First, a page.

The Avengers: Endgame directors took over Hall H on Friday to look back on their work (including Arrested DevelopmentCommunityand Captain America: The Winter Soldier) and tease a few upcoming projects. Collider’s Steven Weintraub moderated, and he introduced a few video questions from fans — fans who turned out to be Mark Ruffalo, Chris Evans, Chris Hemsworth, Paul Rudd, Robert Downey Jr., Tom Holland, and Chadwick Boseman.

The actors proceeded to gush about the Russos and thank Comic-Con attendees for supporting Endgame, before grilling the brothers with questions. Hemsworth wanted to know who was the better leader of the Guardians of the Galaxy, him or Chris Pratt’s Star-Lord, while Rudd asked which of the Marvel Chrises had the best example of America’s ass. (The Russos threw this one to the audience, and based on the cheers, Evans won by a landslide.)

Joe Russo and Anthony Russo

As for Evans himself, he asked the brothers what they thought was the first thing Steve Rogers did after going back in time in Endgame and getting that long-awaited dance with Peggy Carter.

“I think he went to the bathroom because it took him a long time to return all those stones,” Joe cracked. “He was holding it for a long time.”

But, Anthony added, Steve’s return to the past opened up lots of storytelling opportunities.

“Steve can do a lot of things,” Anthony said. “He can go rescue Bucky from HYDRA. He can route HYDRA out of S.H.I.E.L.D. He could go find himself in the ice and figure out a rotation where the two Steves can take turns, and he can spend more time with Peggy. I don’t know, [there are] lots of stories.”


Downey (who joked that he could smell Hall H from there) asked the directors to talk a little bit about the differences and parallels between Tony’s delivery of the line “I am Iron Man” in both the original Iron Man and Endgame.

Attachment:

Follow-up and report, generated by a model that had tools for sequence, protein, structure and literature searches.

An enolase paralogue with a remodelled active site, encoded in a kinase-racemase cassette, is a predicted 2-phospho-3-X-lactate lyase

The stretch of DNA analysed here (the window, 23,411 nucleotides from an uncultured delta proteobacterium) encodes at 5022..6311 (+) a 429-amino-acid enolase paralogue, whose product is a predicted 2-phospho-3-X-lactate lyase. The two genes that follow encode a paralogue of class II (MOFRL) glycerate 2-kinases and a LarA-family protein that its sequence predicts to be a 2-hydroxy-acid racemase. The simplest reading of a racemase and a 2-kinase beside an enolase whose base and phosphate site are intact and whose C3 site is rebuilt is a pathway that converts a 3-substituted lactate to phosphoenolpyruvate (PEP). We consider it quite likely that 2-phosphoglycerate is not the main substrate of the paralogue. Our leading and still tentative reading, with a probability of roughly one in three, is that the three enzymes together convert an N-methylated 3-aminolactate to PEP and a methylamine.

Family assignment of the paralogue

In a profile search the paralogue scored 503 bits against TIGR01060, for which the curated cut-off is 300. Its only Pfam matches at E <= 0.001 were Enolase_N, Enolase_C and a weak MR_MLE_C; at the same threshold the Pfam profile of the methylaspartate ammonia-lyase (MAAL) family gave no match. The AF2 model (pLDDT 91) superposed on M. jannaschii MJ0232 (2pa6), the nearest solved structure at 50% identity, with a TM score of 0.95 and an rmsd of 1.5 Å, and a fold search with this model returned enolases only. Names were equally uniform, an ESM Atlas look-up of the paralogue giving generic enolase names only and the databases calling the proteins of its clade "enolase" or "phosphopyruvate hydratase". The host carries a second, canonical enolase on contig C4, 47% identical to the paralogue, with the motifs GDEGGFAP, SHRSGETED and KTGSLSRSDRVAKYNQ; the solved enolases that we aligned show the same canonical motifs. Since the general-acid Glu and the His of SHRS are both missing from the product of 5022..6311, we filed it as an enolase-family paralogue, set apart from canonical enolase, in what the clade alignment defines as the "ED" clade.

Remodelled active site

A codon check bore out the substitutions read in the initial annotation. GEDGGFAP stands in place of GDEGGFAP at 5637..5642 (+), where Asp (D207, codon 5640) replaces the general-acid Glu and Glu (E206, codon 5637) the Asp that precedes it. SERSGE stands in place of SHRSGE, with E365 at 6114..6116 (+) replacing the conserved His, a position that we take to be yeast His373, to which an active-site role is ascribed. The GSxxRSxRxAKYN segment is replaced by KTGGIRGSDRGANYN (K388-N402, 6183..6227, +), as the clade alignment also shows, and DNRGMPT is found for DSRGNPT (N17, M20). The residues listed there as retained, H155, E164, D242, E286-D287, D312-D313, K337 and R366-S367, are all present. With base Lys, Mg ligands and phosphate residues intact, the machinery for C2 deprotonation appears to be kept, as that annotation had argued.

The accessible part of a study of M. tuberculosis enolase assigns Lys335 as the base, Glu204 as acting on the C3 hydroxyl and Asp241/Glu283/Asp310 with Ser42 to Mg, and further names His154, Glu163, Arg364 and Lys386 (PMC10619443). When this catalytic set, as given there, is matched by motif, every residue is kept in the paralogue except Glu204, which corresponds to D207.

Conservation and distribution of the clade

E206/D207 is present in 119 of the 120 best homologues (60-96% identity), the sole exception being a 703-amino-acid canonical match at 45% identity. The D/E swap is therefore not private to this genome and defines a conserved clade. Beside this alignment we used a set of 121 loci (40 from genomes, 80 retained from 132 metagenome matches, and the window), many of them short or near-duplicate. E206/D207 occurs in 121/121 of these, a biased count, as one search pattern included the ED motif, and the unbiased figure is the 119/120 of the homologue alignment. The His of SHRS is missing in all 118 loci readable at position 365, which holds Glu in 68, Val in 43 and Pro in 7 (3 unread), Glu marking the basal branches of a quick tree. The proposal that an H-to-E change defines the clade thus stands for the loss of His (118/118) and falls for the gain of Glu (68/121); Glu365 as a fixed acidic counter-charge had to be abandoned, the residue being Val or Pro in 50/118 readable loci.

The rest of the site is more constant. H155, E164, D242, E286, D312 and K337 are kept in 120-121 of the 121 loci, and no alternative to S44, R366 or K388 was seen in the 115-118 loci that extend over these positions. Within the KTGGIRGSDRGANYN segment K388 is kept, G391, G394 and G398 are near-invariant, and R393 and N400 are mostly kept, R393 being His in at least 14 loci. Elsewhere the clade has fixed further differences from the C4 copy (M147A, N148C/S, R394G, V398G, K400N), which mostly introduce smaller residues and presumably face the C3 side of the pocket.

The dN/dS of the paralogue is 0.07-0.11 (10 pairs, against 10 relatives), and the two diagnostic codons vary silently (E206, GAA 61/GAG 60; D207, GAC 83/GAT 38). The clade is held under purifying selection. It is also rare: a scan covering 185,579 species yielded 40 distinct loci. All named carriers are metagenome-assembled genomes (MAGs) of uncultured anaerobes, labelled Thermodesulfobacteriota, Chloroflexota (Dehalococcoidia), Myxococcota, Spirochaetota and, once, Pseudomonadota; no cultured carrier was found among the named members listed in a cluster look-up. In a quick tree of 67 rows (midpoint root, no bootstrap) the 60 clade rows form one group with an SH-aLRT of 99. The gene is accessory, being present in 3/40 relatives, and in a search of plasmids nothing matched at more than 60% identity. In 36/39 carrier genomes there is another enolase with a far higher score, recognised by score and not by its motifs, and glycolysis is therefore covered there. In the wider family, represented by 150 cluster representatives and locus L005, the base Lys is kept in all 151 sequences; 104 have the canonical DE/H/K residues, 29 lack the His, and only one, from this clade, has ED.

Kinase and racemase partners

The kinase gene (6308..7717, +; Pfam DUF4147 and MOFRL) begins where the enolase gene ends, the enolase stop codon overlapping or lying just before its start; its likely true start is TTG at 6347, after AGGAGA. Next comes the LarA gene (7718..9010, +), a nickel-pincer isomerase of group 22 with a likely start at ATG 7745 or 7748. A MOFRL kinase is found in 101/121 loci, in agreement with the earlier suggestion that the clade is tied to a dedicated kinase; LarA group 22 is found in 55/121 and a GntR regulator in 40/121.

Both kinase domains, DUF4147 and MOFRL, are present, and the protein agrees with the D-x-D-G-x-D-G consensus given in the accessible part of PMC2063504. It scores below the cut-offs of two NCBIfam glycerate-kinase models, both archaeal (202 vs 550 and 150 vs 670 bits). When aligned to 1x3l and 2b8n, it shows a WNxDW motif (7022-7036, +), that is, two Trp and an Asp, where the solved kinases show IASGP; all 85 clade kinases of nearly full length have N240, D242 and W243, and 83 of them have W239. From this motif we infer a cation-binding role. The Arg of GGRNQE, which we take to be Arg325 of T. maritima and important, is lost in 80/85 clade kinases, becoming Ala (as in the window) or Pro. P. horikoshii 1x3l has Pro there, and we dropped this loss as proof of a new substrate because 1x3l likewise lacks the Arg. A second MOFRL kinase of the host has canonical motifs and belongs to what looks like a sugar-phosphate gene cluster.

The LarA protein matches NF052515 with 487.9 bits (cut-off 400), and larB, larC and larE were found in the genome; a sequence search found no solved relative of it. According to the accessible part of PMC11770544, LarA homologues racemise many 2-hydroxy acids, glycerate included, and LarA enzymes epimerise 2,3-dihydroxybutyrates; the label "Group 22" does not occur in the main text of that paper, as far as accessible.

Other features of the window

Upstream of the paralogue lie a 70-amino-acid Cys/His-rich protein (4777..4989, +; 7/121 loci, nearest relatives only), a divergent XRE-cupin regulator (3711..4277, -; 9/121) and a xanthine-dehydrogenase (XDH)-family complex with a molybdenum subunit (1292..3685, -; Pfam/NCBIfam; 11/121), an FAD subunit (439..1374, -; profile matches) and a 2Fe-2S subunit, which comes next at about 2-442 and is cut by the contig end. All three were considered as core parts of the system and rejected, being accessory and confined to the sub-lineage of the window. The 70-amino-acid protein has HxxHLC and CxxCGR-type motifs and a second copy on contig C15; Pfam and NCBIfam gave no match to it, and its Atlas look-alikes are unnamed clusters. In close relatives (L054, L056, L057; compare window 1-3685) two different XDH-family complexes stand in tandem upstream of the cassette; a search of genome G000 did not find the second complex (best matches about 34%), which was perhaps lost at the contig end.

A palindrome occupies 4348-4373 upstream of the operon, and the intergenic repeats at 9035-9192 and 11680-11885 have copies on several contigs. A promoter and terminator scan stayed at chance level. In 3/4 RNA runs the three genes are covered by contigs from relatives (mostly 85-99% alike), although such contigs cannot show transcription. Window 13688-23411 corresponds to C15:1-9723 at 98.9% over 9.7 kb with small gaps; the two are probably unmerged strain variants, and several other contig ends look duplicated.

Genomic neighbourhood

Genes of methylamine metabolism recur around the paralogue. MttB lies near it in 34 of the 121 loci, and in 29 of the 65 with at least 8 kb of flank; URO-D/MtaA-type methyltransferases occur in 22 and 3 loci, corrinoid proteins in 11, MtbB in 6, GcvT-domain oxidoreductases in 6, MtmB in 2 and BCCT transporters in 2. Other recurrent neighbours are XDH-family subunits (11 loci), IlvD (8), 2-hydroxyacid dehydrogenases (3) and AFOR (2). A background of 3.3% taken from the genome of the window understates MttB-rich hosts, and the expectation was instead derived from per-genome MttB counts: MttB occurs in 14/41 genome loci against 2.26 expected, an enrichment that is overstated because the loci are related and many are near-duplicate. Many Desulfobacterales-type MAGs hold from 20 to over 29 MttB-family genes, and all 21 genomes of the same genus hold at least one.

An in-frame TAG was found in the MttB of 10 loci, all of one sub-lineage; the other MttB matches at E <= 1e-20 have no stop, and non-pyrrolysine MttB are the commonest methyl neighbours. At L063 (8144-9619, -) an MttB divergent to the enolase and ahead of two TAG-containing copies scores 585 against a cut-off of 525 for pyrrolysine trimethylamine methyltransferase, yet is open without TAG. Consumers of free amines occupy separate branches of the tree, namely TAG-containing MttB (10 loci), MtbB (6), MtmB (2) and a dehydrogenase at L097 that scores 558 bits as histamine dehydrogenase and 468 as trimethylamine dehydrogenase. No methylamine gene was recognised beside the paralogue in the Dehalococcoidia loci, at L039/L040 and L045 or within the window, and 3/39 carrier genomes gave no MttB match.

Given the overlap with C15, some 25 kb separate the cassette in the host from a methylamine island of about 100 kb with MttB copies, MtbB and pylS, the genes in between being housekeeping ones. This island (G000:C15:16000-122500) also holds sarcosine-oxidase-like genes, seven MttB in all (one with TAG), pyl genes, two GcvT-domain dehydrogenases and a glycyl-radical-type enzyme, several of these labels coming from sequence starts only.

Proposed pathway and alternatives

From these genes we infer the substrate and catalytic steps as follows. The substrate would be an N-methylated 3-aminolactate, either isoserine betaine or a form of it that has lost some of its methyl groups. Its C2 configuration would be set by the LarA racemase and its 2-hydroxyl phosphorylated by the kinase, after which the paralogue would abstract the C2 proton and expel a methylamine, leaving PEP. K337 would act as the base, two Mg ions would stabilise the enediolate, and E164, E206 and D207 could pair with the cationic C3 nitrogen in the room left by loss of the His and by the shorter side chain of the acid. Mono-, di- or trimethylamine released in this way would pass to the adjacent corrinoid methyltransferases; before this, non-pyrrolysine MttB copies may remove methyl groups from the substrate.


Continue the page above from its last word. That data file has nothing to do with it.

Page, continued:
“The arc that Tony Stark went through [began] as this very egocentric person who finally got to a place of truly putting others in front of himself and sacrificing in that way,” Joe explained. “At the end there, Tony had become a father, and speaking as a father, there’s something that happens to you when you reach that point in life — if you reach that point in life — where you’re suddenly aware that your job in the universe is to truly serve others in a way that just reaches to the core of your being. I think that’s the biggest change, him having had a daughter and having gone through the entirety of his arc. He was in a different place when he said, ‘I am Iron Man,’ there at the end.”

The Russos insisted that they have no current plans to return to direct another entry in the Marvel Cinematic Universe, but they did tease a few upcoming projects. Up next, they’re directing Holland in the opioid addiction drama Cherry, as well as producing Chadwick Boseman’s 21 Bridges. They also announced that they’re producing a new adaptation of the “deep cut” ’80s comic Grim Jack, and they’ve acquired the rights to the ’70s animated TV show Battle of the Planets.

“I think maybe you can tell we’re slowly hunting down all of our favorite IP from our childhood, and we’re going to convert them into stories we’re excited about,” Joe said with a laugh.

Earlier in the day, Endgame and Infinity War writers Christopher Markus and Stephen McFeely also took the Hall H stage for a panel moderated by Backstory Magazine publisher Jeff Goldsmith. They teased a few cut scenes and storylines they almost explored, including one scene where Thanos decimates Earth in 2014 and kills all the Avengers, arriving in the present timeline with Captain America’s decapitated head.

They also teased a scene from Infinity War, where Doctor Strange battles Thanos on the planet Titan and sends him through time and space. There, Thanos is confronted with his many crimes, and he ends up in front of the classic four-faced comics character The Living Tribunal, who finds him guilty (an idea that came straight from Marvel Studios president Kevin Feige).

Ultimately, however, they felt that distracted from the main Infinity War/Endgame storyline. “I don’t know if my grandmother would’ve understood that,” McFeely said.